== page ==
Recent research from Cornell illustrates why modularity is fundamental to design including biological systems. Cost minimization in network systems naturally surfaces modularity as an important building block. This makes intuitive sense as modularity leads to complexity and ultimately intelligence.
Why, then, humans fail to consider modularity in the design of complex systems, systematically? Of course, every brick in the wall is expressed but not every wall in the city. Is modularity boring for those with intelligence or a mere convenience? Does modularity hide a regression from knowledge, or does it break new frontiers? Is modularity limiting or not? Does modularity evolve to an extent that it is able to obscure itself?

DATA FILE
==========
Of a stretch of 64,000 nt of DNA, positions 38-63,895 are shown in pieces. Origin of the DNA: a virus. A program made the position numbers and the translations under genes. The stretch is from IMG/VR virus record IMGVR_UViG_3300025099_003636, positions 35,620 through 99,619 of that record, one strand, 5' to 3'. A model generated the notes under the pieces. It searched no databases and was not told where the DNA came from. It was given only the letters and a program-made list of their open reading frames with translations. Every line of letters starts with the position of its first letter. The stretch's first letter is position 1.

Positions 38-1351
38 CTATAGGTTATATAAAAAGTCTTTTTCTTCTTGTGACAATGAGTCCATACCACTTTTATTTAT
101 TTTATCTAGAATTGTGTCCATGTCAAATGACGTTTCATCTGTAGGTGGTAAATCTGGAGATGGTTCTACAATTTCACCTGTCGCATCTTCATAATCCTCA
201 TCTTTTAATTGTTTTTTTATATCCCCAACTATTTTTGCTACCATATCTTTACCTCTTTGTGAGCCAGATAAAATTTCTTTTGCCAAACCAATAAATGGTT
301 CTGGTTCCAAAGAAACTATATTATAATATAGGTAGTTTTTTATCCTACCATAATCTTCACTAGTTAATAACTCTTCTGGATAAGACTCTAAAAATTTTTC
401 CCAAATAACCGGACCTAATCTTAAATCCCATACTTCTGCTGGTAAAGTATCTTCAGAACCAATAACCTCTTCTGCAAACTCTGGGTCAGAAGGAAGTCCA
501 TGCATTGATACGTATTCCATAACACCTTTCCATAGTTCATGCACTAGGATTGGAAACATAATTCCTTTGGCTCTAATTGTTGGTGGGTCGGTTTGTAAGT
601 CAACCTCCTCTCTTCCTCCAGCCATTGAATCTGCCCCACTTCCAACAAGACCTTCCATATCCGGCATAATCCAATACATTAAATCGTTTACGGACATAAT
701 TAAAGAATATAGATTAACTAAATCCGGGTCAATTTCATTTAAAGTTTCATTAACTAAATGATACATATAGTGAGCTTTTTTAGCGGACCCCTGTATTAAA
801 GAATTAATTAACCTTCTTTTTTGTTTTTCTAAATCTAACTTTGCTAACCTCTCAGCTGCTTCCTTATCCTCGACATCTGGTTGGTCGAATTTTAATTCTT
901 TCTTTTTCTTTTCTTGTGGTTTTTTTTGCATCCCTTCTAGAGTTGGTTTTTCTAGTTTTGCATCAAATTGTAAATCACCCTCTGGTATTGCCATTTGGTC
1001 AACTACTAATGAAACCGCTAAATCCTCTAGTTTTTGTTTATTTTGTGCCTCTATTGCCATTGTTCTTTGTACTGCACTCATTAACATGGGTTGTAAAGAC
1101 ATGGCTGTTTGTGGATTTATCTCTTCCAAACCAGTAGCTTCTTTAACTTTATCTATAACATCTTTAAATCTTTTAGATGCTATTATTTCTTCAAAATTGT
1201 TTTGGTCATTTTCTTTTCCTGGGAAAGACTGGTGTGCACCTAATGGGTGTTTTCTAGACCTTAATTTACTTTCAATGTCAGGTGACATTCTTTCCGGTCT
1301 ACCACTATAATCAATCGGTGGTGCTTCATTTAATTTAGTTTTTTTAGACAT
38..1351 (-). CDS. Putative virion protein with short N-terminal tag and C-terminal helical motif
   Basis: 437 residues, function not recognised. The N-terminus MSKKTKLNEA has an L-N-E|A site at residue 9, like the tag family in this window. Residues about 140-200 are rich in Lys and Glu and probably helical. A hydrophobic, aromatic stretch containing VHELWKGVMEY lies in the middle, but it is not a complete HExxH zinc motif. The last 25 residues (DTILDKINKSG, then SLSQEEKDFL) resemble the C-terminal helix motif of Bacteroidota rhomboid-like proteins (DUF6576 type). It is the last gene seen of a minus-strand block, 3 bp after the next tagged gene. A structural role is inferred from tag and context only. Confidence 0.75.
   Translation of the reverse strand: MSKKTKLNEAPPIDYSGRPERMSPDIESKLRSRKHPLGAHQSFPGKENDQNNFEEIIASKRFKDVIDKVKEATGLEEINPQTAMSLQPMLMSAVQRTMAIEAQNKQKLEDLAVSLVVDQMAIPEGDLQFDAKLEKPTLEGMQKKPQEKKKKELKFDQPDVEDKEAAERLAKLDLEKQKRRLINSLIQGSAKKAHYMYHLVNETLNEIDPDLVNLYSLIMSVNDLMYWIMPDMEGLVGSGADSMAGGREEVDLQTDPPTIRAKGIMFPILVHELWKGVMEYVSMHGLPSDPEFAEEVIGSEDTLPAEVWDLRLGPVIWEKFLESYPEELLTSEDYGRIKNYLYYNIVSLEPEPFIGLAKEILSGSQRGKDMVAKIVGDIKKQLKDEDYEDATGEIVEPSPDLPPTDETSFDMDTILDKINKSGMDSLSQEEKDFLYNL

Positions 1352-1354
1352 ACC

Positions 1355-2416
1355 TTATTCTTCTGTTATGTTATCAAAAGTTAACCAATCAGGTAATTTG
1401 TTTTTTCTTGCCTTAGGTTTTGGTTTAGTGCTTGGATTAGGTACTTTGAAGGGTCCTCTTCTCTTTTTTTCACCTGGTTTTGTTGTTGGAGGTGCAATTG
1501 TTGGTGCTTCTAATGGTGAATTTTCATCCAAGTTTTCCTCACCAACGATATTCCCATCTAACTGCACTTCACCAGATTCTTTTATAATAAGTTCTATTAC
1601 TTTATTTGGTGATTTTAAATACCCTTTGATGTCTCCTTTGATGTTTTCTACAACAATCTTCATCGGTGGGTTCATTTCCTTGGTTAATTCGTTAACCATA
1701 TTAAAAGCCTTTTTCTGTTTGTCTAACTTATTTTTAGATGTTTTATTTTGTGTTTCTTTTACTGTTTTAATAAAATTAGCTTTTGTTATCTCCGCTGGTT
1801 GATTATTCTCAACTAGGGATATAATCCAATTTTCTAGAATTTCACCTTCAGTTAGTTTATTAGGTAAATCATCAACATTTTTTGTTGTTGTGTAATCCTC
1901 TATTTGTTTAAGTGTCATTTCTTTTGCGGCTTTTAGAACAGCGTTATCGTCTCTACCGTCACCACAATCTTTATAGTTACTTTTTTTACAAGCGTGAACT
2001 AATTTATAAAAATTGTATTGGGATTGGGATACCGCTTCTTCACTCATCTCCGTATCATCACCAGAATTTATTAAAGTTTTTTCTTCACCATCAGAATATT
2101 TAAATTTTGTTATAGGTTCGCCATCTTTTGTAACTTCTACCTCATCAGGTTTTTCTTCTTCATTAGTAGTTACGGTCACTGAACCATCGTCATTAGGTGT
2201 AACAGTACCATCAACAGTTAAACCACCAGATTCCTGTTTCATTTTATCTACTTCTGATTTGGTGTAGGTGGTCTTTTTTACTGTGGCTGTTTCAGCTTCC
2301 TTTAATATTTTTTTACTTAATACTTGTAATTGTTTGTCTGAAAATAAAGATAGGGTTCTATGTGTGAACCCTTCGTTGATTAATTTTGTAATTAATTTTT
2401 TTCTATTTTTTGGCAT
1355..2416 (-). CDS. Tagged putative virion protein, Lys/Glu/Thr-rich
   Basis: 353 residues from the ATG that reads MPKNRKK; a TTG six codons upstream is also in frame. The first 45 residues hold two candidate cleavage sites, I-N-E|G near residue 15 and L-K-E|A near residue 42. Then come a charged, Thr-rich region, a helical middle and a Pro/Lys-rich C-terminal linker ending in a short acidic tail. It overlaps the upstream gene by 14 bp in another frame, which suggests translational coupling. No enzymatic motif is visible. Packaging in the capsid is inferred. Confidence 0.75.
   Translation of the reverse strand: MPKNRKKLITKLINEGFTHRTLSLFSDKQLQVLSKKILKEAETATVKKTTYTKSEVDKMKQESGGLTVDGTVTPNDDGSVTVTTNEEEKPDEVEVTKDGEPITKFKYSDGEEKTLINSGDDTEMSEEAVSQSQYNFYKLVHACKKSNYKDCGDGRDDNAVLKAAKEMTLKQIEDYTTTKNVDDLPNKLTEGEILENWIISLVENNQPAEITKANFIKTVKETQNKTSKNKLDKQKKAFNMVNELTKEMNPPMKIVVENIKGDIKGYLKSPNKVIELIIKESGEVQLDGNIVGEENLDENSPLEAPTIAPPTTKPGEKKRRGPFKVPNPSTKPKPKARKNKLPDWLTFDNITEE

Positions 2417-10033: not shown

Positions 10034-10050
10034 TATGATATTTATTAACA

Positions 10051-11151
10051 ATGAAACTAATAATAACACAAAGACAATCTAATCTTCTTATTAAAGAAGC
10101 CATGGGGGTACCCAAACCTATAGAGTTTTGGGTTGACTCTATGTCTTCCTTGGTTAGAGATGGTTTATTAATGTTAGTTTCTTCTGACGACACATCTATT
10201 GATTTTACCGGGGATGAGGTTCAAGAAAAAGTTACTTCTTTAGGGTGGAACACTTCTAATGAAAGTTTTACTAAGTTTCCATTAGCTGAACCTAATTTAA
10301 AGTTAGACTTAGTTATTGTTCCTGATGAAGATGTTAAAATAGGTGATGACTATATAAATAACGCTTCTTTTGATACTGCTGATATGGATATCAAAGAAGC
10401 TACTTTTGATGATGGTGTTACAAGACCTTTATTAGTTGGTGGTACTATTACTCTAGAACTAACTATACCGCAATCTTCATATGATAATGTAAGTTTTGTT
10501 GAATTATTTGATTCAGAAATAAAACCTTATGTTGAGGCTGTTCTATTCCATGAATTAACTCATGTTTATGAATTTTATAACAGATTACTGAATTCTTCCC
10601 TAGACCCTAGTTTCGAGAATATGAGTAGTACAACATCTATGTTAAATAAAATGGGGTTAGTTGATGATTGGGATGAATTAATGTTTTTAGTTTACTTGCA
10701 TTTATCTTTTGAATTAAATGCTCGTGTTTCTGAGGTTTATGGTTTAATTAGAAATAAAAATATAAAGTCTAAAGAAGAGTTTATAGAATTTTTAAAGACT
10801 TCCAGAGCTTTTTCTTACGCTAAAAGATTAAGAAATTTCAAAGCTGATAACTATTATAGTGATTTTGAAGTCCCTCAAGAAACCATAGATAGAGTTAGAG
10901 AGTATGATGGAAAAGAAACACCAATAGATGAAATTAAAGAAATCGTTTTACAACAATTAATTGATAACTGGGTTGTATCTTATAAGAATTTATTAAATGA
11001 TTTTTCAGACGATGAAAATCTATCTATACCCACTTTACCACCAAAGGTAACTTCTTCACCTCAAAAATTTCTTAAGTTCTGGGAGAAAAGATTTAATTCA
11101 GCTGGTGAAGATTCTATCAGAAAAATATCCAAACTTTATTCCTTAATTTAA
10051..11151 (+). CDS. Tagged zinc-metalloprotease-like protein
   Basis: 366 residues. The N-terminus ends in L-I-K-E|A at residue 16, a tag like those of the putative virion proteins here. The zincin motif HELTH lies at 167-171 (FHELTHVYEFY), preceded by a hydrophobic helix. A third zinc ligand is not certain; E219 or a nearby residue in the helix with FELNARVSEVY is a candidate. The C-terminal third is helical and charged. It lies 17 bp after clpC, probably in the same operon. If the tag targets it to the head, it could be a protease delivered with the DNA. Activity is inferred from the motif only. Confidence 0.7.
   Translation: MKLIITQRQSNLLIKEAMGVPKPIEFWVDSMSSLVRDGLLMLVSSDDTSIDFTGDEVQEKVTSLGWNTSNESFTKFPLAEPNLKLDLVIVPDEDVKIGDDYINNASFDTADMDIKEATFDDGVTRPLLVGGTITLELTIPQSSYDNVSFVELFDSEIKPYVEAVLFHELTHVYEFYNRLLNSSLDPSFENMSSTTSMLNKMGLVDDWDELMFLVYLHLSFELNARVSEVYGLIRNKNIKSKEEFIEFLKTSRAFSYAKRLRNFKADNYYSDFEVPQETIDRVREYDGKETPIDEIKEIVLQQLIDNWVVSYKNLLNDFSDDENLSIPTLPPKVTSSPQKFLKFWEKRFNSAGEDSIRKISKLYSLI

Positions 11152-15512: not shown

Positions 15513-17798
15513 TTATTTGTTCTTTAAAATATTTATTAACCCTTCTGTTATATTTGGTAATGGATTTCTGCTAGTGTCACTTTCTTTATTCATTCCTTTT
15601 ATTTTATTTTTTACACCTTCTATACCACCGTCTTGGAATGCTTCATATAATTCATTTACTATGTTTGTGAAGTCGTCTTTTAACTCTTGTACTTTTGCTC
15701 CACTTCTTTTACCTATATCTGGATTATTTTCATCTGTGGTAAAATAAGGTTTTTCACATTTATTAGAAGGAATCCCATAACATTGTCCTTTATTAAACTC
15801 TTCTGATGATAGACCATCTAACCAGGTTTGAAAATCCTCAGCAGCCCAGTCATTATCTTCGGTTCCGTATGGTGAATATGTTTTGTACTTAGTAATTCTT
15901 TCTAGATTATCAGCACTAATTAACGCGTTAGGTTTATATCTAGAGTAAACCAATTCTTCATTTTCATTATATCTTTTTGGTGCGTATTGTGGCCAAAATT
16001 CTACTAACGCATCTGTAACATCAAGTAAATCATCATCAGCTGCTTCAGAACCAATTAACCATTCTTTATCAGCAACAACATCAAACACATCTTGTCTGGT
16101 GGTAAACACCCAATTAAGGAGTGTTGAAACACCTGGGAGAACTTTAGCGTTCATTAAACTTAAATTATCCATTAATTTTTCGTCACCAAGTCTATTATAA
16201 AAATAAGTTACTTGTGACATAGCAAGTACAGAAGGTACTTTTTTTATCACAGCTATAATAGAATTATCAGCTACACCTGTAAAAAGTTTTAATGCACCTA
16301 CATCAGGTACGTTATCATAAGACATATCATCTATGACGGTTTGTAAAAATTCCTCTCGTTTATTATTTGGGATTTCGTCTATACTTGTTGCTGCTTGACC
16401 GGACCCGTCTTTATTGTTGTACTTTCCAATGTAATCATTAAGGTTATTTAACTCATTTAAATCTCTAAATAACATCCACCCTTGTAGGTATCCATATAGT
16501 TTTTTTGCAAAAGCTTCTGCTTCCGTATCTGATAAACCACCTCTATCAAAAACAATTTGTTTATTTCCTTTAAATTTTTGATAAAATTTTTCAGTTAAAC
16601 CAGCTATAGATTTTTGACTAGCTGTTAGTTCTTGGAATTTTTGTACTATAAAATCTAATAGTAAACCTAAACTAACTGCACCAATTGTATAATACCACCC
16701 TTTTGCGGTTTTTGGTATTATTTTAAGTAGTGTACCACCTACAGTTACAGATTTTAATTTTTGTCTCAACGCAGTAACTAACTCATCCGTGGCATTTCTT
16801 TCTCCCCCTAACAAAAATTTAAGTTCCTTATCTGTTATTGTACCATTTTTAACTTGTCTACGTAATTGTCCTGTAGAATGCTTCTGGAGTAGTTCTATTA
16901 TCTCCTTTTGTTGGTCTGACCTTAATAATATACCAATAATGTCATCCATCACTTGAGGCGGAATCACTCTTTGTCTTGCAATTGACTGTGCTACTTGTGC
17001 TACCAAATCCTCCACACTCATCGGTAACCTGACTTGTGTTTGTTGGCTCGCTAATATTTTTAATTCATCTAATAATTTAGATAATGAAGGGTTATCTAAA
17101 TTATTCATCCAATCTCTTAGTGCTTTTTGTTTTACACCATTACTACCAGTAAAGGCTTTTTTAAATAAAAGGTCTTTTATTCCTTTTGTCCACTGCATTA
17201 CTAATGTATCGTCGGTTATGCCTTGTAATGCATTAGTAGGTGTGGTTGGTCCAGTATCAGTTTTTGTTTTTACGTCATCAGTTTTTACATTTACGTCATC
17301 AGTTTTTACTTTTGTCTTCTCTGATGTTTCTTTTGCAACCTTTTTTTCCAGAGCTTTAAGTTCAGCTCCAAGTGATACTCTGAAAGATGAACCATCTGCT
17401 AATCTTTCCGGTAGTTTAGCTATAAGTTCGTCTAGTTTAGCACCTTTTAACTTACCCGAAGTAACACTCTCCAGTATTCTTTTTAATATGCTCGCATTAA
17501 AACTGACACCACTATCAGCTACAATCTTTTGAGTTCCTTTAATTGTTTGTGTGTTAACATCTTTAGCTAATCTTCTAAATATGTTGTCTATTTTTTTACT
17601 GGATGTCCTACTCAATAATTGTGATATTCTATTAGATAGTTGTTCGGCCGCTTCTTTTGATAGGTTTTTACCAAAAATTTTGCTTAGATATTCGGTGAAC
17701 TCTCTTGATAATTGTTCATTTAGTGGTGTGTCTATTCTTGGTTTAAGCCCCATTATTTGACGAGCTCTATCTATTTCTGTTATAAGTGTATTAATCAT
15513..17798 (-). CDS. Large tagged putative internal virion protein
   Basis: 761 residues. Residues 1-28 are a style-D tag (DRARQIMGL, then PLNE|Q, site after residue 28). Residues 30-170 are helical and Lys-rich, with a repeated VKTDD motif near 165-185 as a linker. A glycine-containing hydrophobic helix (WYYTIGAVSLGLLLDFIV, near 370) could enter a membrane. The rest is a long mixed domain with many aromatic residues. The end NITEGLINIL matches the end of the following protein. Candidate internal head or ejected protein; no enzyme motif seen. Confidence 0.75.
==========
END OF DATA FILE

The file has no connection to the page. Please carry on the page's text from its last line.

At the lowest level, one has to consider minimization of cost as the fundamental driver of modularity. The complication here is the definition of cost itself. First order societies, unable to feed, clothe and house their populations, may consider cost to be different among available alternatives in a limited choice set. Those who have gone further may define cost as ignorance, the minimization of which requires a break from modularity.
Nothing is for sure.